Raising Children & Collective Impact
What do they have in common?
Recently in Seattle, Washington, IVMF leaders and their AmericaServes White Paper discussion series strategic partners, FSG, Unite US, and Accenture, hosted the second of eleven planned community-based discussion on evolving Collective Impact initiatives in the veterans’ space.
As is the case with every discussion being held as part of this series, our team spent time describing Collective Impact’s principles and elements as the framework that underpins our efforts in a growing number of communities whereby we endeavor to better serve transitioning servicemembers, veterans and military families.
As a general observation, while every community hosting these discussions is genuinely interested in evolving their ongoing levels of collaboration being achieved within the veterans’ space, each unfortunately lacks the sustainable means to do so. We have a saying – that it’s not their ‘daytime’ job, meaning that collaboration amongst human services ‘partners’ occurs largely in their spare time – after all the other work is done – because every one of them is consumed with keeping up with the demands imposed by people being served through their various service delivery systems.
Our role in this regard is to help them by serving as their daytime catalyst, teaching, coaching and educating on-the-ground, incrementally, alongside each community, to seed, build, and deploy Collective Impact (CI)-based approaches to improve upon their service delivery means. This is the hard work that I think many don’t understand in the field, for our communities are not sufficiently resourced to undertake these CI efforts on their own. Said another way, while they have the will; they lack the established processes and resources. As an Institute, the IVMF and its partners have developed the ways (models, methods, techniques) and means (access to capital from the private sector) to actually help lower the barrier to adoption associated with deploying a Collective Impact initiative in their community, to their standard.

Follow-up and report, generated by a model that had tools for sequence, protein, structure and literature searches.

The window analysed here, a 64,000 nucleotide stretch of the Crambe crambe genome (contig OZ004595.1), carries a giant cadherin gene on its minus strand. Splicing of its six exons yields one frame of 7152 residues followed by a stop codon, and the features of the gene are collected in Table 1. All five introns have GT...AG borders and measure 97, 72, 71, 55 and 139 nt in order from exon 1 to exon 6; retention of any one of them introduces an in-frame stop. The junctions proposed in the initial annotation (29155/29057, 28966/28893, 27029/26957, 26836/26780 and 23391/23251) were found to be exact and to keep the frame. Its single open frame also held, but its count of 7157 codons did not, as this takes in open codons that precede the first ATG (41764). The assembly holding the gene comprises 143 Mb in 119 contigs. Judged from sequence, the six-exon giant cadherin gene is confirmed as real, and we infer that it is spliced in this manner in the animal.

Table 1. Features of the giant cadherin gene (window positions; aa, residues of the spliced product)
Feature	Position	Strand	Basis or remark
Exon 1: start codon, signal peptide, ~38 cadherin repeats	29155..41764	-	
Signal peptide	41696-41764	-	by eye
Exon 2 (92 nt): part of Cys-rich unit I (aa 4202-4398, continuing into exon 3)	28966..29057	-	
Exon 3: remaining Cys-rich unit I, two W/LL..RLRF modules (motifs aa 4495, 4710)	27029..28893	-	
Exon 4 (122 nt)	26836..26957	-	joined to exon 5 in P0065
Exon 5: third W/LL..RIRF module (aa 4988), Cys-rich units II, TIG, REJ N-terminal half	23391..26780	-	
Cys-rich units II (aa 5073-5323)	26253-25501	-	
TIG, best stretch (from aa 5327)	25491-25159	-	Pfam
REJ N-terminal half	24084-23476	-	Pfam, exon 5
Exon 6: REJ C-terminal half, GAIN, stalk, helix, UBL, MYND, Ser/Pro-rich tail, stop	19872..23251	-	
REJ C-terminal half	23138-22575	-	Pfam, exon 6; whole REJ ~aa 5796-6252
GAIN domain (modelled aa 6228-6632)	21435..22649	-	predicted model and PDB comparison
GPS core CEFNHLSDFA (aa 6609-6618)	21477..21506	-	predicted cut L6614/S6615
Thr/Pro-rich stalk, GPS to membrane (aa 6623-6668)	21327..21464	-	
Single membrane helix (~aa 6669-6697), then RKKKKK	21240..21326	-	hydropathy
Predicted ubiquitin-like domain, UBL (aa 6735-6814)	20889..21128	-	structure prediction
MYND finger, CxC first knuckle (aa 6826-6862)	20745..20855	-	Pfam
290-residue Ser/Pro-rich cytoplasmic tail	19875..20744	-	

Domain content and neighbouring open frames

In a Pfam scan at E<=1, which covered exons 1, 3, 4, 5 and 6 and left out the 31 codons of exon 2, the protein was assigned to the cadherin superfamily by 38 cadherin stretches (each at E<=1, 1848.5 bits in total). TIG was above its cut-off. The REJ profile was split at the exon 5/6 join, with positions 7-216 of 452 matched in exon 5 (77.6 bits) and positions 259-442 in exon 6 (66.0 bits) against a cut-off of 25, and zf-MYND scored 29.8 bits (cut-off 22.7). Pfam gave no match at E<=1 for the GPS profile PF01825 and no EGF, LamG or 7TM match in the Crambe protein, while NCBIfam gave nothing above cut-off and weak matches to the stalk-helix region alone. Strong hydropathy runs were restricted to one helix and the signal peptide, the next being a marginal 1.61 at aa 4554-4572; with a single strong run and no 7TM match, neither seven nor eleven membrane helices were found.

This notion – that this is extremely hard work – was best captured during our Seattle discussion by my FSG colleague, Ms. Fay Hanleybrown, when she described problem solving as generally occurring on three different levels – the simple, the complicated, and the complex – and the fact that when it comes to building a Collective Impact effort within communities, regardless of their intended target population, folks need to understand that this work truly lies on the far right of that rubric, at the complex level of undertaking.
Simple problem solving, according to Fay, entails things like how to bake a cake. There’s a recipe for doing so and to solve that problem – how to bake a cake – all you have to do is follow the recipe. Generally speaking, the outcome every time is the same, a baked cake. Solving complicated problems, like sending a rocket to the moon, while much more difficult, has a technical solution that if followed carefully, can not only be done, but done repeatedly, as long as the technical solution is followed. Generally speaking, the results yield the same outcome, a rocket is sent to the moon.
Fay told our audience that when it comes to complex problem solving, like trying to serve human beings and their needs, the magnitude of the task is more like raising kids. Think about it for a second. I am the father of three young men ranging in age from 29, to 26, to 17. My wife’s and my ability to generally support and achieve the same outcomes for each of them – health, wellbeing, and success – is a very complex and customized undertaking to this very day. The variables involved are many, but begin with the fact that they are each, a very unique individual. To say that trying to address their needs throughout their childhood and early adulthood is complex work is an obvious understatement, as I’m sure any parent can attest.